Pacific Island Measles Outbreak Gains Needed Support From UNICEF
Various Pacific Island countries announced they are receiving expanded support from UNICEF to combat measles outbreaks in the Oceania region.
This is important news since measles is a highly contagious virus that can lead to serious health complications, especially in children younger than 5 years of age.
Furthermore, there is no way to tell in advance the severity of the measles symptoms your child will experience.
As of November 28, 2019, about 300,000 measles vaccines and related medical supplies have been delivered to Samoa, Fiji, and the Kingdom of Tonga, reported this new UNICEF press release.
UNICEF’s support and outbreak information for these French Polynesian countries are highlighted below:
- Samoa has confirmed 42 measles-related fatalities as of November 28, 2019.
- UNICEF has delivered a total of 115,500 doses of measles vaccines to Samoa since October 1st, including the required diluent, syringes and safety boxes, as well as sufficient supplies of Vitamin A.
- Since the launch of the measles vaccination campaign in mid-November, the Samoan Ministry of Health has successfully vaccinated more than 50,000 individuals in both Upolu and Savai’i.
- Additionally, UNICEF has delivered 6 specially designed refrigerators and 3 emergency trolleys to the Ministry of Health, to ensure the cold chain is maintained and vaccines are effective when given at vaccination sites.
- Fiji declared a measles outbreak on November 7, 2019.
- As of November 27th, there are now 14 confirmed cases of measles.
- The Fiji Ministry of Health and Medical Services is strongly advising against non-essential travel to Serua and Namosi. This includes, but is not limited to, the areas of Wainadoi, Nabukavesi, Namosi, Navua, and Deuba.
- Since October 1st, UNICEF has delivered a total of 135,000 doses of measles vaccines with required diluent, syringes and safety boxes.
- An additional 200,000 vaccines are en route to Fiji.
- Currently, the free measles vaccine is only available to children as per the routine national immunization schedule and the residents of Serua/Namosi.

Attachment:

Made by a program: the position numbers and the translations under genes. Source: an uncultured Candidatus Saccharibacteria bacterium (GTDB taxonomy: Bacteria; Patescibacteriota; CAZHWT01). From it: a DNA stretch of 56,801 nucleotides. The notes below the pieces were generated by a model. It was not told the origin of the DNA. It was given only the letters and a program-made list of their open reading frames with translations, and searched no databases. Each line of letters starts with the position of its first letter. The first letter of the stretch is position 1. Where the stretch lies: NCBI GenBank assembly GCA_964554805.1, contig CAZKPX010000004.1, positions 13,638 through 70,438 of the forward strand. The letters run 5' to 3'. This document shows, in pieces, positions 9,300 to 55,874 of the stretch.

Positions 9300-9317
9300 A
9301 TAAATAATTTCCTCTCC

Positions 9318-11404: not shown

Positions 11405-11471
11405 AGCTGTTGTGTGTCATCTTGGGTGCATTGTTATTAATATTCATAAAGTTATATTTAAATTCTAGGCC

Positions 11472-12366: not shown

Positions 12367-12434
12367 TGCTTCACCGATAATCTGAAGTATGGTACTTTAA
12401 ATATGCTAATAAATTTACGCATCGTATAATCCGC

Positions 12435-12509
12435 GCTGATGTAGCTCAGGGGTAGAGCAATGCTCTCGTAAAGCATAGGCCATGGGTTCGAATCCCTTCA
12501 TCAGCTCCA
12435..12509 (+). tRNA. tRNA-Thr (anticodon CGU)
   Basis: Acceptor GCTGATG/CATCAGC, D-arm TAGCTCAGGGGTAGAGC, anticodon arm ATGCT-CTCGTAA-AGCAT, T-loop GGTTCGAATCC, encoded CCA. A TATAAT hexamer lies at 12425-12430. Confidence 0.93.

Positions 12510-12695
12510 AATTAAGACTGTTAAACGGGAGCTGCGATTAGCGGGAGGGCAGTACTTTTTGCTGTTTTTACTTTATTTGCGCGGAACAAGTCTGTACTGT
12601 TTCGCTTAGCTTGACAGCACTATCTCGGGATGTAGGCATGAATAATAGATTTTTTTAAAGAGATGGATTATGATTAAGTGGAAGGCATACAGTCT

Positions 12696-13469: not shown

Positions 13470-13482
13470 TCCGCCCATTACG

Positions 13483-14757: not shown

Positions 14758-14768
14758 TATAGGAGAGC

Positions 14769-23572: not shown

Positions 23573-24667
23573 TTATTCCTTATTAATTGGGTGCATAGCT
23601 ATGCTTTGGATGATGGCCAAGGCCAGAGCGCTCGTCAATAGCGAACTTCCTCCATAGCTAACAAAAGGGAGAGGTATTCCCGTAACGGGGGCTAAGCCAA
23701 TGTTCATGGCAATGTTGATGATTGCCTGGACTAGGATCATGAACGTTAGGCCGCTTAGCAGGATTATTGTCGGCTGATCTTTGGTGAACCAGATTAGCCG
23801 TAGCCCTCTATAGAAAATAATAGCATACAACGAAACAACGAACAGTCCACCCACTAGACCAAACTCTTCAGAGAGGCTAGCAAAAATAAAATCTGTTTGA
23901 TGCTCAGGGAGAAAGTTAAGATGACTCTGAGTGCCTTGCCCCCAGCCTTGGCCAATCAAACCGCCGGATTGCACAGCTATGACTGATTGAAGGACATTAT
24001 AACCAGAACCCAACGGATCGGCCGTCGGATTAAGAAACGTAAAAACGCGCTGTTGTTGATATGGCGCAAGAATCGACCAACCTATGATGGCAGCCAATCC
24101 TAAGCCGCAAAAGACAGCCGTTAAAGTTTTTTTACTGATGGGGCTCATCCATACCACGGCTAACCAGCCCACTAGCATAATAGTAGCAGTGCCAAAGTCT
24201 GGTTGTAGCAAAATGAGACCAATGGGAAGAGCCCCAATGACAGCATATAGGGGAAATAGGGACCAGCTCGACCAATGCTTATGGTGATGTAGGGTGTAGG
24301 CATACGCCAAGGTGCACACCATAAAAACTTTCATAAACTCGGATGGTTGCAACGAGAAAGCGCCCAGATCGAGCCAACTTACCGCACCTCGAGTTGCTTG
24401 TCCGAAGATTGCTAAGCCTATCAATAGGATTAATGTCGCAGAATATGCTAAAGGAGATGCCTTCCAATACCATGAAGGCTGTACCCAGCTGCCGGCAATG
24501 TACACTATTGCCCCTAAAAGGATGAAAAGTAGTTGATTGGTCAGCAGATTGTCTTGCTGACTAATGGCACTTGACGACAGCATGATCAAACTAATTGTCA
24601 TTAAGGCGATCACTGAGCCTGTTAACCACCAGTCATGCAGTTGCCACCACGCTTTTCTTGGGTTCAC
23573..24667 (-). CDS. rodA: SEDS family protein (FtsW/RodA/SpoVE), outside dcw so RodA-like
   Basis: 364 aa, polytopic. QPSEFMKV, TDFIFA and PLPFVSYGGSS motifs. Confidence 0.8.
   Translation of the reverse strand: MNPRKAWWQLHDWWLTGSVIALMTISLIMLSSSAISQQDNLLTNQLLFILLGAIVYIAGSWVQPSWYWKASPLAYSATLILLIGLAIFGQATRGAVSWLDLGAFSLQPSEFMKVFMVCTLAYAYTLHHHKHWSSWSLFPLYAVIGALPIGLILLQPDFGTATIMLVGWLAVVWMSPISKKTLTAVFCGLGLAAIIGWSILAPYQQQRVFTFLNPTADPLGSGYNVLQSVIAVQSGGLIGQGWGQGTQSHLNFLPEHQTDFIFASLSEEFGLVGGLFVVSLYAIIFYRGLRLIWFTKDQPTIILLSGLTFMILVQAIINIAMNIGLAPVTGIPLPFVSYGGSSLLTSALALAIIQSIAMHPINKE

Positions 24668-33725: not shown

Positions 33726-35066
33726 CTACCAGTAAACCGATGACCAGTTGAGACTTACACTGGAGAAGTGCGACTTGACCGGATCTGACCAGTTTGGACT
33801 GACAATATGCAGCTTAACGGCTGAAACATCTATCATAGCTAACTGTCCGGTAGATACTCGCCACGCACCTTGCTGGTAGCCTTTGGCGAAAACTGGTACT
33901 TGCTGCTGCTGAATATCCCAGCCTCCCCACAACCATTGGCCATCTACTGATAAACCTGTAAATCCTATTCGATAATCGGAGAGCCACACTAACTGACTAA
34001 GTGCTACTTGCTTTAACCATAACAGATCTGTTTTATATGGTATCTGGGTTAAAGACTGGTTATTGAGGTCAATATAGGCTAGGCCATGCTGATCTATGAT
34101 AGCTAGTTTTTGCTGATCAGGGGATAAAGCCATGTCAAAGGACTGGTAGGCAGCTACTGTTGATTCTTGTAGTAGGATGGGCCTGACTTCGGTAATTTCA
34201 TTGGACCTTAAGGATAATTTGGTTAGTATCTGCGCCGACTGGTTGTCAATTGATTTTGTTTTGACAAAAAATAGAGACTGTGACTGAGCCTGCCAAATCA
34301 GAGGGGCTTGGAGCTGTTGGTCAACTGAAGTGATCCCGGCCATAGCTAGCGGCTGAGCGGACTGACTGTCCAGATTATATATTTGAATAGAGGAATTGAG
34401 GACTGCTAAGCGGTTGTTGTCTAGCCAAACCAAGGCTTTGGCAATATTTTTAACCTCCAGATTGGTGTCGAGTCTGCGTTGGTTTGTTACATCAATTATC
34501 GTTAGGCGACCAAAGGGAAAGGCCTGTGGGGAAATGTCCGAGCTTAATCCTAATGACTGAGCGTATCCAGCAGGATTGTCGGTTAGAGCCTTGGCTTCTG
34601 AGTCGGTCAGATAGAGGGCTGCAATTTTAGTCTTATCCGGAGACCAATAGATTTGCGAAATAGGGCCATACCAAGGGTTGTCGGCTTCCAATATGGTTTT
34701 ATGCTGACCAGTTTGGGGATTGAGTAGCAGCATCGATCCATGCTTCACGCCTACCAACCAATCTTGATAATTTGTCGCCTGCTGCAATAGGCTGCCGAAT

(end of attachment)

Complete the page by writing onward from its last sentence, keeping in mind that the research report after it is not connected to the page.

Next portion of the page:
Kingdom of Tonga
- A measles outbreak was also declared in the Kingdom of Tonga on October 24, 2019. The outbreak of measles in Tonga began in early October 2019, following the return of a squad of Tongan rugby players from New Zealand.
- As of November 26th, 394 cases of confirmed or suspected measles have been identified in Tonga. About 87 percent of these measles cases have occurred on the main island of Tongatapu, where the outbreak began.
- The outbreak has involved mainly teenagers from schools on Tongatapu, as well as students from Vava’u High School.
- In all locations where suspected measles cases have been identified, doctors, health officers, and nurses are continuing to follow-up cases.
- Since October, UNICEF has delivered a total of 12,000 measles vaccines including required diluent, syringes and safety boxes, to Tonga.
- Two refrigerators, for the vaccine cold chain, will also be provided along with an additional 6,000 doses of vaccines.
- The Minister of Education closed all primary schools on 14/11/2019. A decision was made to continue the school closure until the end of 2019.
To warn international travelers of their measles risks, the US Centers for Disease Control and Prevention (CDC) issued a Level 1 Travel Alert in June 2019. This Alert suggests all travelers speak with a healthcare provider to learn which vaccinations are appropriate prior to departure.
Measles spreads through the air when an infected person coughs or sneezes. It is so contagious that if one person has it, up to 9 out of 10 people around him or her will also become infected if they are not protected.
Children can get measles just by being in a room where a person with measles has been, even up to two hours after that person has left. An infected person can spread measles to others even before knowing he/she has the disease—from 4 days before developing the measles rash through 4 days afterward, says the CDC.
Related travel vaccine news
While many under-vaccinated individuals have contracted measles during these outbreaks, certain people may need a 3rd vaccine booster to be better protected from the measles virus, says the CDC.
Earlier in 2019, these Pacific Ocean countries were confronted with Dengue type 2 virus outbreaks, such as on the island of Tahiti.
UNICEF works in some of the world’s toughest places, to reach the world’s most disadvantaged children. Across 190 countries and territories, we work for every child, everywhere, to build a better world for everyone. For more information about UNICEF Pacific and its work for children, follow UNICEF Pacific on Twitter.
Measles news published by Vax Before Travel